Questions tagged [waves]

Waves are disturbances that propagate through space and time. Classically, they travelled through a medium, disturbing the particles but not changing their mean position. Electromagnetic waves/particle-waves need no medium; they are disturbances in their respective fields.

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Galilean transformation of the wave equation

I have this general wave equation: \begin{equation} \dfrac{\partial^2 \psi}{\partial x^2}+\dfrac{\partial^2 \psi}{\partial y^2}-\dfrac{1}{c^2}\dfrac{\partial^2 \psi}{\partial t^2}=0 \end{equation} ...
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Why does speed of light have to be constant?

My question is not about why speed of light has a particular constant value which has been sufficiently addressed in other questions on SE already. I want to know whether the fact that speed of light ...
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How quickly is motion transferred in a solid object?

Just for example: assume an iron bar one foot in length. If you push on one end, the entire bar will move. This seems instantaneous. but actually, from my understanding, the atoms all push against ...
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Need mathematical explanation for different musical notes sound different on different instruments

I am not expert in music. There are number of musical instruments. One (especially a person who knows about music) can blindly recognize which instrument is being played just by listening to it. I ...
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Why doesn't the magnetic field polarize when polarizing light?

If the magnetic field doesn't polarize does it follow the electric field path of propagation? or does it vanish?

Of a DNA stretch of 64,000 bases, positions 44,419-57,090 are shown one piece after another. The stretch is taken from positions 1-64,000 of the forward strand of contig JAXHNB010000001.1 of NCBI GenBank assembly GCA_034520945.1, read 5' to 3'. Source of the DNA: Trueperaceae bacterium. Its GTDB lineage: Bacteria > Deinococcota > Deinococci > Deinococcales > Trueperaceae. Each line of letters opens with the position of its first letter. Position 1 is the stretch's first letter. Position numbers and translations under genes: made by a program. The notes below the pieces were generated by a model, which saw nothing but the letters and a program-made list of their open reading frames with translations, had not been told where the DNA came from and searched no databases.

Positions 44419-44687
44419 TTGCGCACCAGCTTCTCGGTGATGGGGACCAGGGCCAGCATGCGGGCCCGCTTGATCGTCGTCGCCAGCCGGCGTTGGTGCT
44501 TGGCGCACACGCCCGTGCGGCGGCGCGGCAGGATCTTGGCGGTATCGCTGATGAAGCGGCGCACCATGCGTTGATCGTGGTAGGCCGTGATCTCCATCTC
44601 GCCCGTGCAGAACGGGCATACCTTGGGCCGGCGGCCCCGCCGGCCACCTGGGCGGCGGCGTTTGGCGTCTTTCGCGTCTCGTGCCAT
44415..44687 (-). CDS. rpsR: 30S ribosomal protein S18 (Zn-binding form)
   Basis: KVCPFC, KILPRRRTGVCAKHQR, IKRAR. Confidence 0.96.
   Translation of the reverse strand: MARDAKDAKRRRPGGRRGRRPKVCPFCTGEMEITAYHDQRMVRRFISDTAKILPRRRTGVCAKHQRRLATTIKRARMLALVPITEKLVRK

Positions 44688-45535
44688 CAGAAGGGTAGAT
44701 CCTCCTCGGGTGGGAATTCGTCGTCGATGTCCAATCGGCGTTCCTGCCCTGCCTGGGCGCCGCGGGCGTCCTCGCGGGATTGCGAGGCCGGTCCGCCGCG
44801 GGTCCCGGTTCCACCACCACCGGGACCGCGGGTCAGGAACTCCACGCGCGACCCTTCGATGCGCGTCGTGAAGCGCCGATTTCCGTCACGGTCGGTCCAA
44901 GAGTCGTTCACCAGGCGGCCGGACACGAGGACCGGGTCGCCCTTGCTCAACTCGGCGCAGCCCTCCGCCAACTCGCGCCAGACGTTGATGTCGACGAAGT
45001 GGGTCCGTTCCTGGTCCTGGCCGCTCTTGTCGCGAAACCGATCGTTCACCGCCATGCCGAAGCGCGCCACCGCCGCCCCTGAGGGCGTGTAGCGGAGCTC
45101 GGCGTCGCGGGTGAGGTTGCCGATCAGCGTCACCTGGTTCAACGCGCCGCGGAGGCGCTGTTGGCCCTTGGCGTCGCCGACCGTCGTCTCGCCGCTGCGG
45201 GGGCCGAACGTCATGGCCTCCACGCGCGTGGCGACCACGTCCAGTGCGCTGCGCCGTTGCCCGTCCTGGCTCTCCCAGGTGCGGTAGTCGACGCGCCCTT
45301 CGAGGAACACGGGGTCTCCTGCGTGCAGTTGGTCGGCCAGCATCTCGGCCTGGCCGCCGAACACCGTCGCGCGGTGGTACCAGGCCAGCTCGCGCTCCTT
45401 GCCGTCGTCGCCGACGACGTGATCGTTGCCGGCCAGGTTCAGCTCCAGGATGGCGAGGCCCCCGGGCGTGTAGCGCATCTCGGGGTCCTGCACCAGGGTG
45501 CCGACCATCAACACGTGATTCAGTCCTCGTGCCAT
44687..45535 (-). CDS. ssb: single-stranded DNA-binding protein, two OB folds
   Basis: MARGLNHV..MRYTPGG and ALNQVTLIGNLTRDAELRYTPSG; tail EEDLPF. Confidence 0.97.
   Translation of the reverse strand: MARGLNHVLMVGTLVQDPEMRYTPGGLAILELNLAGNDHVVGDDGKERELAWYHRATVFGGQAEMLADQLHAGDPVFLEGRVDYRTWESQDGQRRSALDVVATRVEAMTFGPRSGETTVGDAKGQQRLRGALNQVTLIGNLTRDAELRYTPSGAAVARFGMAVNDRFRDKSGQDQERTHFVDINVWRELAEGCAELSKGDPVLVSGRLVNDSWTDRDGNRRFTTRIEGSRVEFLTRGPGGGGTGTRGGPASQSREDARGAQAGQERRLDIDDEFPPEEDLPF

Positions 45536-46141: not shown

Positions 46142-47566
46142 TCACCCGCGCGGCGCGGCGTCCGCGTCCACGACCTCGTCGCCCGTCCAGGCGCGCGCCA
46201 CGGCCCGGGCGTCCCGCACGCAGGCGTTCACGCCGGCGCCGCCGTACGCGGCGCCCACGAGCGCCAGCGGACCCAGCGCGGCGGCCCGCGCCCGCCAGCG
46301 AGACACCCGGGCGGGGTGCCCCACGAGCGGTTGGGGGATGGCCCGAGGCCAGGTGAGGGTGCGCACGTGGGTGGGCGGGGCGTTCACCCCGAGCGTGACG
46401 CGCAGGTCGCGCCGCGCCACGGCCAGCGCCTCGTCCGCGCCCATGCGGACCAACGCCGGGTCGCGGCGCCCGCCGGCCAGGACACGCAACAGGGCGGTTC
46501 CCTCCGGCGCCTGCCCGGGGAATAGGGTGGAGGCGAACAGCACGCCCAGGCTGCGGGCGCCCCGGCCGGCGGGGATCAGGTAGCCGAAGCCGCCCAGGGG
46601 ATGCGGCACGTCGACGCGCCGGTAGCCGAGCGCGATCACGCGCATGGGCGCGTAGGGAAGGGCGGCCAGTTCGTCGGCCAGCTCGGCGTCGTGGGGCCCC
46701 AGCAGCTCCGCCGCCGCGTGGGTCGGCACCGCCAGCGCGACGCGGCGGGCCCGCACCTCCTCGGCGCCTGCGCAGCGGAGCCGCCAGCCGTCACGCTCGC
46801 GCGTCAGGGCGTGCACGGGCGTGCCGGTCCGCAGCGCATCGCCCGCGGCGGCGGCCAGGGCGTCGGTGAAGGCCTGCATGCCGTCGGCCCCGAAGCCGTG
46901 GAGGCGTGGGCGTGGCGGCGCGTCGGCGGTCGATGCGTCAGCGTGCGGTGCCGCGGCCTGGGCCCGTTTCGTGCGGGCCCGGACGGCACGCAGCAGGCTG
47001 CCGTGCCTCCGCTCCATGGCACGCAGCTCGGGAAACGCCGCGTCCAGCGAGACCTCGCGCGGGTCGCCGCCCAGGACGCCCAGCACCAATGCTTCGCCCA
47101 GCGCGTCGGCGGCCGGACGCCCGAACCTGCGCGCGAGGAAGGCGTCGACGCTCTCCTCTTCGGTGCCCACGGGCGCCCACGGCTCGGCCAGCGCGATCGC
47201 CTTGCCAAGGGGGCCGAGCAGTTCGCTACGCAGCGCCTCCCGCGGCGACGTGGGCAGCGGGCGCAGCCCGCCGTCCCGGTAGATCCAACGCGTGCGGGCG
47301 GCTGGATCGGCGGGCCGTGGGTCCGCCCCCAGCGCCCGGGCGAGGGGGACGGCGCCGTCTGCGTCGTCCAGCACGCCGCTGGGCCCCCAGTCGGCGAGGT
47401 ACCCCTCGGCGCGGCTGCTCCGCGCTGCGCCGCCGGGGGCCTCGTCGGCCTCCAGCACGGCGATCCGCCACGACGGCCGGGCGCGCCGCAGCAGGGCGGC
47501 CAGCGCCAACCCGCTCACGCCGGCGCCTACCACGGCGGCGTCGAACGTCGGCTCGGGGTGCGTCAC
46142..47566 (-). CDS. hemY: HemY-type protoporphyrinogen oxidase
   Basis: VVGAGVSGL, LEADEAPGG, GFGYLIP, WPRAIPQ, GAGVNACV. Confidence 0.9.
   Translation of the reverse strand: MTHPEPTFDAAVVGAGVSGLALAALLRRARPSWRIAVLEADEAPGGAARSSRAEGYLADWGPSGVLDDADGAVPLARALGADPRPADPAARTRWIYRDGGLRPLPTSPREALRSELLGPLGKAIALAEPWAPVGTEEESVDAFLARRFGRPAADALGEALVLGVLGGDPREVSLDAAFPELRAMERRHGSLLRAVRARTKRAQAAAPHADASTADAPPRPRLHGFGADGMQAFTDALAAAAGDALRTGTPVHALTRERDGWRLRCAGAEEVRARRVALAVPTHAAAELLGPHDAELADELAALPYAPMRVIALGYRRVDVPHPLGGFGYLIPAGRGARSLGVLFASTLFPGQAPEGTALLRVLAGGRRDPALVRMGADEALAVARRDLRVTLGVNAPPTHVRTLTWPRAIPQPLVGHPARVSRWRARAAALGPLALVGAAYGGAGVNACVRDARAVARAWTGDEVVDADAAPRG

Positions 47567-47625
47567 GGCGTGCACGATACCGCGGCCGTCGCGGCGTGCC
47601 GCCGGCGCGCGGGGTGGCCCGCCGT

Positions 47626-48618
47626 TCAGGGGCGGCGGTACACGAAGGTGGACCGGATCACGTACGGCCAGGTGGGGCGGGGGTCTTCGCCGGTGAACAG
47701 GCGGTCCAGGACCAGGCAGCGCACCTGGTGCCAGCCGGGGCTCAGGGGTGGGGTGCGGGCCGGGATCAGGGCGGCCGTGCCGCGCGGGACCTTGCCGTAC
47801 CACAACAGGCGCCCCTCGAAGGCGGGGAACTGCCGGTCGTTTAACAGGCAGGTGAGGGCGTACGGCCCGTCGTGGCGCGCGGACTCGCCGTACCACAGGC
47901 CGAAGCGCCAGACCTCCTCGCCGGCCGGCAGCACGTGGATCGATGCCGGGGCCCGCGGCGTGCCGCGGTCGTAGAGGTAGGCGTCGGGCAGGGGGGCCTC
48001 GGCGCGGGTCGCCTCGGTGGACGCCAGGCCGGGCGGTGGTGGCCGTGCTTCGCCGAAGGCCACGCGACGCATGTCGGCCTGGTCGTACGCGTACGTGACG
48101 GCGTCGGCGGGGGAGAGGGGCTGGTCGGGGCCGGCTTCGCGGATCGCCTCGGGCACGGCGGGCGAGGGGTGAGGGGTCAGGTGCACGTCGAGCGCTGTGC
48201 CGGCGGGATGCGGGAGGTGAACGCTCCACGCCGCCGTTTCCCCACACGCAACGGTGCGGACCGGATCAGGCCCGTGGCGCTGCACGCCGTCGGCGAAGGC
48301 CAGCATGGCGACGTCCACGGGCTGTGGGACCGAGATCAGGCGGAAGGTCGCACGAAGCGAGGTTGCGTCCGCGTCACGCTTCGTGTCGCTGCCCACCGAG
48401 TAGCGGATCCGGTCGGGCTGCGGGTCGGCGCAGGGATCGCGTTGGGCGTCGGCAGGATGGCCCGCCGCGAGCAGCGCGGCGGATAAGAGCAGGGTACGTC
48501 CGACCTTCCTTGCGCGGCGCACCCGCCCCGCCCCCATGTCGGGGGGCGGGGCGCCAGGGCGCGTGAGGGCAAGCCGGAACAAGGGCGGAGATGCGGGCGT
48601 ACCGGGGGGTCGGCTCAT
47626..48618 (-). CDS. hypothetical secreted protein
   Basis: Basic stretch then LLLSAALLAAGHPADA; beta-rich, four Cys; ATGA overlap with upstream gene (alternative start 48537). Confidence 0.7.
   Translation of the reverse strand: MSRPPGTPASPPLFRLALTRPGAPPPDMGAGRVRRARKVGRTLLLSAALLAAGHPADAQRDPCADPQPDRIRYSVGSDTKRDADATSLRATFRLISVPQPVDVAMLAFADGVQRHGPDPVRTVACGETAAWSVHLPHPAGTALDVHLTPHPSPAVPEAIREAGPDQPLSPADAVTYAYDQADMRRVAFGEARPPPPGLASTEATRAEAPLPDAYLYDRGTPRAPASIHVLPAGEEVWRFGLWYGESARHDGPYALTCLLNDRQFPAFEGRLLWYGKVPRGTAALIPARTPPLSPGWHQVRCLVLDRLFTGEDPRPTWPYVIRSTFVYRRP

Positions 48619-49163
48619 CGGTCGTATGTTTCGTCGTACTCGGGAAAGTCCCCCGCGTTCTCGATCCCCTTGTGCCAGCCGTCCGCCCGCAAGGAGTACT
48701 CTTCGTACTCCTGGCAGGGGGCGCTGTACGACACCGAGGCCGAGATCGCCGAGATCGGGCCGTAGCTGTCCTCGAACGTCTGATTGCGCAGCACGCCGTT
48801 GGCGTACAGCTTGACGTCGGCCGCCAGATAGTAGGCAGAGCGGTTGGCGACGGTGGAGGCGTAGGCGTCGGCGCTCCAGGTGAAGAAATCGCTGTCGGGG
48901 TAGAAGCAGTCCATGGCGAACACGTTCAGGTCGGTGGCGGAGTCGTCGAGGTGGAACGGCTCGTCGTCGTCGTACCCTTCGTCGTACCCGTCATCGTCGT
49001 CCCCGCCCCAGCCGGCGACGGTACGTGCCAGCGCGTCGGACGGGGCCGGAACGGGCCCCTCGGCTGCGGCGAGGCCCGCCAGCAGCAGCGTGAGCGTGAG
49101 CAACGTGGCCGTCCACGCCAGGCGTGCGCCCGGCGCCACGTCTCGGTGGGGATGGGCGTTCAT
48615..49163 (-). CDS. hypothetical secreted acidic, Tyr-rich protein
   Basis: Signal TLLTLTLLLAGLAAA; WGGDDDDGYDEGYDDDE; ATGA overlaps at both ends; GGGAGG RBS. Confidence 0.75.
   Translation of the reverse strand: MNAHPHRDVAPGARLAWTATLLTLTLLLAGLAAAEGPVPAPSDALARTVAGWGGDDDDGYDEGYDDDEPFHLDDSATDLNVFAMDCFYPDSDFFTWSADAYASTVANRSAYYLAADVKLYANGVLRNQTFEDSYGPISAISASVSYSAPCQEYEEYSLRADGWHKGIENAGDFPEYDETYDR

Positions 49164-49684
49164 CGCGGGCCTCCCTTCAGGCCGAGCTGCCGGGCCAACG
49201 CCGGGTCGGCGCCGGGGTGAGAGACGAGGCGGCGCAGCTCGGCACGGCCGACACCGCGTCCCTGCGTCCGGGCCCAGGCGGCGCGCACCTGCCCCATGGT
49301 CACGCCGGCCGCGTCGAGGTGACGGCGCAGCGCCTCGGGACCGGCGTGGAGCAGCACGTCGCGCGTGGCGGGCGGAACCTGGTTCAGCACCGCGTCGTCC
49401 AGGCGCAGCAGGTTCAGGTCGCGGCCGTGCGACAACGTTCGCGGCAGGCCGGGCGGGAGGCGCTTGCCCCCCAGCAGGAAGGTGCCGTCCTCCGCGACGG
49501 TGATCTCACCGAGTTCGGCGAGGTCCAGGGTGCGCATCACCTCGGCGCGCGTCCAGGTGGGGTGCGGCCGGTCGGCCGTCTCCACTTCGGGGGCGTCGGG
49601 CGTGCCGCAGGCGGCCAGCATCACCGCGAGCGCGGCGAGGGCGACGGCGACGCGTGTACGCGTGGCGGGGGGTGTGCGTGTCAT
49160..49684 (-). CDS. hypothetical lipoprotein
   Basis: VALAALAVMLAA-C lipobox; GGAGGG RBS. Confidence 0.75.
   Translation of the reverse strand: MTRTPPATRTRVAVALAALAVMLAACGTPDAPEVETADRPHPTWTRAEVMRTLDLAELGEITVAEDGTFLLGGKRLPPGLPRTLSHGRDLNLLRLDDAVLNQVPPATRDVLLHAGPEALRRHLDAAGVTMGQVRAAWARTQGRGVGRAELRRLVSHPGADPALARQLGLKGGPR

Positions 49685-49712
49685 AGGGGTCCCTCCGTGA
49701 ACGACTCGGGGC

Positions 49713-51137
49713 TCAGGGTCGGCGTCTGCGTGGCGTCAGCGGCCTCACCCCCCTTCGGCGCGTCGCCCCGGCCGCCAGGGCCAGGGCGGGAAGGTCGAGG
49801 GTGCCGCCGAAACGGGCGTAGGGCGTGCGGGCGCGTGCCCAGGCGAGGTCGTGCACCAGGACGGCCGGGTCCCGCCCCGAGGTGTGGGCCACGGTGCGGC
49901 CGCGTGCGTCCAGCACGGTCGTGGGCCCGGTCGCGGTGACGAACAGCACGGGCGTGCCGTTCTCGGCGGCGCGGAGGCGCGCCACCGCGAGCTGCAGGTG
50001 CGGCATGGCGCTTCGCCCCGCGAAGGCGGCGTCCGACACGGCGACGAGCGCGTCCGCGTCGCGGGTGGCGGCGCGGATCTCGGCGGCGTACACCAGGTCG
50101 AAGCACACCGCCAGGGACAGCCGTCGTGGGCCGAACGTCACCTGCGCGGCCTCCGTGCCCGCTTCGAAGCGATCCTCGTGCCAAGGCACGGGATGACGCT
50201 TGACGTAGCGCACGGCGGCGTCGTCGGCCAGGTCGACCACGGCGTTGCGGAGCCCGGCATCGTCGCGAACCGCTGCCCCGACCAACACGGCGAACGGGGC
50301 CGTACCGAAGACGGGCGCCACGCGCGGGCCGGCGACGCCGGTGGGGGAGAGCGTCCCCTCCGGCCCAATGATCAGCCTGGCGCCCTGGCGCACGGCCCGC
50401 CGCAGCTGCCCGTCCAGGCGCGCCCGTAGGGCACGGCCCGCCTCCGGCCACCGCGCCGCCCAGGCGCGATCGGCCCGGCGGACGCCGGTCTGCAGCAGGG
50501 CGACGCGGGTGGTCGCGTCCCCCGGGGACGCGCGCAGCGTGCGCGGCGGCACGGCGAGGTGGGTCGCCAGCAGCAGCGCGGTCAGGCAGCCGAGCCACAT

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Why does energy in earthquake waves seem to go up with the three halves power?

My question might be based on a false premise, so here's why I asked. If you look up the meaning of the moment magnitude scale for measuring earthquake size, the articles usually say that each ...
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Is a soundproofed wall really only as strong as its weakest area?

I've seen a few questions about sound waves and sound travel here on Physics SE, so I'm hoping this question is a good fit for this site. During my internet research on soundproofing, I've come ...
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What exactly is the "coherence" between waves?

I know, by definition, that coherence means that a pair of waves have constant phase difference. What does this mean? Does it mean they always have a 360 degrees, or 0 degrees phase difference? Or ...
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De Broglie wavelength, frequency and velocity - interpretation

Two fundamental equations regarding wave-particle duality are: $$ \lambda = \frac{h}{p}, \\ \nu = E/h .$$ We talk about de Broglie wavelength, is it meaningful to talk about de Broglie frequency ($\...
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Does light have timbre? [duplicate]

Timbre is a property associated with the shape of a sound wave, that is, the coefficients of the discrete Fourier transform of the corresponding signal. This is why a violin and a piano can each play ...
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Speed of a particle in quantum mechanics: phase velocity vs. group velocity

Given that one usually defines two different velocities for a wave, these being the phase velocity and the group velocity, I was asking their meaning for the associated particle in quantum mechanics. ...
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Huygens' Principle and Ocean Waves

Ocean waves can travel in any direction, but waves breaking on the sea-shore are usually approximately parallel to the line of the beach. How can Huygens' principle explain this phenomenon? Does it ...